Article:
As well, the Fairbanks Natural Gas (FNG) company and the Interior Alaska Natural Gas Utility (AGU) fought out service areas in greater Fairbanks and North Pole with the Regulatory Commision of Alaska, resulting in a split of territories. The trucked natural gas and legislative help in providing loans for storage puts the onus on both companies to start building out distribution lines to residents and companies. Thus far, FNG hadn't been building out to other than large consumers. AGU is contracting with the same company that is hired to build the liquificaiton plant in Prudhoe Bay to start distribution network in the concentrated North Pole area. GVEA will also be getting natural gas, converting North Pole oil fired plant(s) to use natural gas.
Energy rates have bounced up then down, helped by natural gas fired electricity across the Intertie from South Central Alaska (Chugach and for a short time, really cheap electricity from Homer Electric Association). Utility rate will continue to go up as depreciation, loan payments of principal and interest increase from Eva Creek ($70+ million) and soon Healy 2. Healy 2 is supposed to be operational within 2-3 years and reduce our need for high cost oil fired electricity about the same time as trucked natural gas will become available. I do expect our rates to not decline much if any In the medium term, they could actually increase. Cost of power rates adjust quarterly. Utility rates can be adjusted every 6 months up to 4%. When Healy 2 comes on line, there will be a need for a formal cost of power study (likely costing more than a million dollars).
Peak Notification Methods
As part of my 12 point transparency plan of several years ago presented to the Member Advisory Board (MAC) and the GVEA Board, I suggested that GVEA find simple way to notify consumers when demand was about to require high cost power be started. Ideas such as texting, email, phone, all automated at low cost. The board took the issue up and assigned it to the MAC. They in turn had an ad-hoc MAC task force look at it whereby the VP who ran the meetings wrote up that it made no sense and gave it back to the CEO. This of course made no sense and some members of the board weren't very happy. I heard rumors of another report being generated and will be chasing that down. The idea is very simple - if people would curtail incidental electric uses on occasion, we all could save. This particular VP has since retired and the board may be looking at the MAC functions, which are supposed to be an asset of the board and not a tool of GVEA executives. Making that clear to MAC members and getting them involved in a different manner may help. It has to be a two way street. I will report separately on progress on the 12 point plan hopefully soon.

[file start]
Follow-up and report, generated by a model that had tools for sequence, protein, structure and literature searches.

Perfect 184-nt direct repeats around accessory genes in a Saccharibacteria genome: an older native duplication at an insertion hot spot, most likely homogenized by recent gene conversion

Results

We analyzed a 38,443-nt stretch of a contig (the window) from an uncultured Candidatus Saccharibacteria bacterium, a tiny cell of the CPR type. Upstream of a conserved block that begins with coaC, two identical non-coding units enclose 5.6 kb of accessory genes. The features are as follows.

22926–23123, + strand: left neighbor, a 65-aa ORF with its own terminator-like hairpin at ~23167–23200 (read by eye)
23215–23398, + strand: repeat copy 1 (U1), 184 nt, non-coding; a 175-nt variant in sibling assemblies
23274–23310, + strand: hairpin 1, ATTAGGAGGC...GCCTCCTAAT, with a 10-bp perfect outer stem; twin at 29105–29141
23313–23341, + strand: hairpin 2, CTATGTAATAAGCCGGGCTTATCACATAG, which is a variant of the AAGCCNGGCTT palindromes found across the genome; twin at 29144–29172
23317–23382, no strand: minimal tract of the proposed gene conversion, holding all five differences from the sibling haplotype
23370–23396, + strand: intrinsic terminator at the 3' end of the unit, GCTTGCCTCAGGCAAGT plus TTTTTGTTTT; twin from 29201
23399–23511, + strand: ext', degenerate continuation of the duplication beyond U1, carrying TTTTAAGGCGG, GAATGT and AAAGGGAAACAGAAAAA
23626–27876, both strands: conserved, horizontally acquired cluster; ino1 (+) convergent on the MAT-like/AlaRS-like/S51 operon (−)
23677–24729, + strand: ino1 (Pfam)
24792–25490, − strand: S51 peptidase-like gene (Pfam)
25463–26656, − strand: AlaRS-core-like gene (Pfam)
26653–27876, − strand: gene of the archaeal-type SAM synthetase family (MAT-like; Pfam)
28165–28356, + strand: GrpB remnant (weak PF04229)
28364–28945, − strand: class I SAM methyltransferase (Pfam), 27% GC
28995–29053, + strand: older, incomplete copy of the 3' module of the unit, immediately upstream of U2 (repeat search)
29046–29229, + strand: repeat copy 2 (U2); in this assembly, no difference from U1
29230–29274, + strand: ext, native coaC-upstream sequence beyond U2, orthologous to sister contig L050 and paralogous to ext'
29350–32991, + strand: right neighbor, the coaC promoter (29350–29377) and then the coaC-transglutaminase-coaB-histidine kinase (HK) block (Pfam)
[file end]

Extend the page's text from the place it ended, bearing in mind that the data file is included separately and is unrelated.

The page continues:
This was a subsidiary of GVEA and mixed employees. At the end of 2012, it was separated out, though GVEA contracts with them for computer services. It remains an asset of GVEA somehow, so it would be in the members' interest if it were anything other than nearly totally transparent to members. I've been working on this for about a decade. One improvement here is that the VP for computer-networking for GVEA and the president of Alasconnect, the same person, won't be getting a double salary. You can see how that worked out for him at on page 10, line (15) of GVEA IRS Form 990 for 2012 (and previous years 2010 and 2011, available on line).
Tri-Valley Electric Association
Members may recall the 2006 effort of GVEA to transfer all its generation and transmission assets to Tri-Valley Electric Association, something that came out of a national electric coop association discussion. GVEA members wisely turned it down. It turns out that GVEA realized it wasn't needed after all as in July, 2013, the board voted to dissolve the corporation.
There were of course other issues that came up. Again, do avail yourself of the minutes and agendas. Become an active member of our co-op!